FULL-LENGTH ORIGINAL RESEARCH
Rapamycin suppresses axon sprouting by somatostatin interneurons in a mouse model of temporal lobe epilepsy
Article first published online: 29 AUG 2011
Wiley Periodicals, Inc. © 2011 International League Against Epilepsy
Volume 52, Issue 11, pages 2057–2064, November 2011
How to Cite
Buckmaster, P. S. and Wen, X. (2011), Rapamycin suppresses axon sprouting by somatostatin interneurons in a mouse model of temporal lobe epilepsy. Epilepsia, 52: 2057–2064. doi: 10.1111/j.1528-1167.2011.03253.x
- Issue published online: 27 OCT 2011
- Article first published online: 29 AUG 2011
- Accepted July 18, 2011; Early View publication August 29, 2011.
- Dentate gyrus;
Purpose: In temporal lobe epilepsy many somatostatin interneurons in the dentate gyrus die. However, some survive and sprout axon collaterals that form new synapses with granule cells. The functional consequences of γ-aminobutyric acid (GABA)ergic synaptic reorganization are unclear. Development of new methods to suppress epilepsy-related interneuron axon sprouting might be useful experimentally.
Methods: Status epilepticus was induced by systemic pilocarpine treatment in green fluorescent protein (GFP)-expressing inhibitory nerurons (GIN) mice in which a subset of somatostatin interneurons expresses GFP. Beginning 24 h later, mice were treated with vehicle or rapamycin (3 mg/kg intraperitoneally) every day for 2 months. Stereologic methods were then used to estimate numbers of GFP-positive hilar neurons per dentate gyrus and total length of GFP-positive axon in the molecular layer plus granule cell layer. GFP-positive axon density was calculated. The number of GFP-positive axon crossings of the granule cell layer was measured. Regression analyses were performed to test for correlations between GFP-positive axon length versus number of granule cells and dentate gyrus volume.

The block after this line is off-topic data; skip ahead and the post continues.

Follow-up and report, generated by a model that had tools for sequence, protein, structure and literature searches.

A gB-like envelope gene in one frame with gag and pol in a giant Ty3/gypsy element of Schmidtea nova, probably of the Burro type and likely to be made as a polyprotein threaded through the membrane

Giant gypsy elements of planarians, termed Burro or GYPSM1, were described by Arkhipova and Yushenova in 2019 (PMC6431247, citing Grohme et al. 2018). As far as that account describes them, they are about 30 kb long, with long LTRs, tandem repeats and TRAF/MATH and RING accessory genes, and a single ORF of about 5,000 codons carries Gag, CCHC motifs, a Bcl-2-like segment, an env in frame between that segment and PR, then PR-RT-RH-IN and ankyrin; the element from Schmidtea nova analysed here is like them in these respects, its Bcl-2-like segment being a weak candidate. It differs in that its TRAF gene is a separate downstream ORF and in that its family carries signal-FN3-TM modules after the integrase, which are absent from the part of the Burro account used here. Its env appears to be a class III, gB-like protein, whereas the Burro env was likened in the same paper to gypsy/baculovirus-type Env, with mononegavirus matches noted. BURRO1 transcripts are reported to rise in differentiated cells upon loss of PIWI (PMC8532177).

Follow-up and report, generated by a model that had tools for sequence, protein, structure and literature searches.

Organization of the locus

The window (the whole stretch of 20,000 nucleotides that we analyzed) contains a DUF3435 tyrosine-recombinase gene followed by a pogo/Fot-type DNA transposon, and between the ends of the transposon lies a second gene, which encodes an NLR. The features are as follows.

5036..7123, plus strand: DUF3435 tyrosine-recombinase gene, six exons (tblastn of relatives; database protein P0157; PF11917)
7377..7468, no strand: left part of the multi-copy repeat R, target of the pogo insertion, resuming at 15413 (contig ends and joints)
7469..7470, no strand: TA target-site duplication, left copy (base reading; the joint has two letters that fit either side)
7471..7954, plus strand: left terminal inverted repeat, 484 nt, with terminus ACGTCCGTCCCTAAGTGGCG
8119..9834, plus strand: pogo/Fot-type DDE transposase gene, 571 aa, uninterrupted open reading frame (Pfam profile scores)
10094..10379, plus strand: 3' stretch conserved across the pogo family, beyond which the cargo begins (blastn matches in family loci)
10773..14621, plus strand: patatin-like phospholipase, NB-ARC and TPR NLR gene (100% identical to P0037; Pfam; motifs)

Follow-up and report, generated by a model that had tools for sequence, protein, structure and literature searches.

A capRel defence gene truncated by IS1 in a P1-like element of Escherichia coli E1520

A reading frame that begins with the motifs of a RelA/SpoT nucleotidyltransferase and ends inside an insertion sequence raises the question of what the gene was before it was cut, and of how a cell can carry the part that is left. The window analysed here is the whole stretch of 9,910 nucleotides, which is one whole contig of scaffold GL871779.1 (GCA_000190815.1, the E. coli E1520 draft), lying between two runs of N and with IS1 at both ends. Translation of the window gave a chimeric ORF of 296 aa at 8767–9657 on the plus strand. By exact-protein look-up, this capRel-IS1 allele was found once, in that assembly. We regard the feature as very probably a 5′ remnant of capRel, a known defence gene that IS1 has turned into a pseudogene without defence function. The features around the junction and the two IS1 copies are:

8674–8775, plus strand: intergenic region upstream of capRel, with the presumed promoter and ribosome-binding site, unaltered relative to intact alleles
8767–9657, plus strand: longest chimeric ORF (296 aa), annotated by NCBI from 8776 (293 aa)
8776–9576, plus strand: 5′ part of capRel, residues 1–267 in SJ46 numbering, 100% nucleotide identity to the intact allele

Key Findings: After pilocarpine-induced status epilepticus, rapamycin- and vehicle-treated mice had approximately half as many GFP-positive hilar neurons as did control animals. Despite neuron loss, vehicle-treated mice had over twice the GFP-positive axon length per dentate gyrus as controls, consistent with GABAergic axon sprouting. In contrast, total GFP-positive axon length was similar in rapamycin-treated mice and controls. GFP-positive axon length correlated most closely with dentate gyrus volume.
Significance: These findings suggest that rapamycin suppressed axon sprouting by surviving somatostatin/GFP-positive interneurons after pilocarpine-induced status epilepticus in GIN mice. It is unclear whether the effect of rapamycin on axon length was on interneurons directly or secondary, for example, by suppressing growth of granule cell dendrites, which are synaptic targets of interneuron axons. The mammalian target of rapamycin (mTOR) signaling pathway might be a useful drug target for influencing GABAergic synaptic reorganization after epileptogenic treatments, but additional side effects of rapamycin treatment must be considered carefully.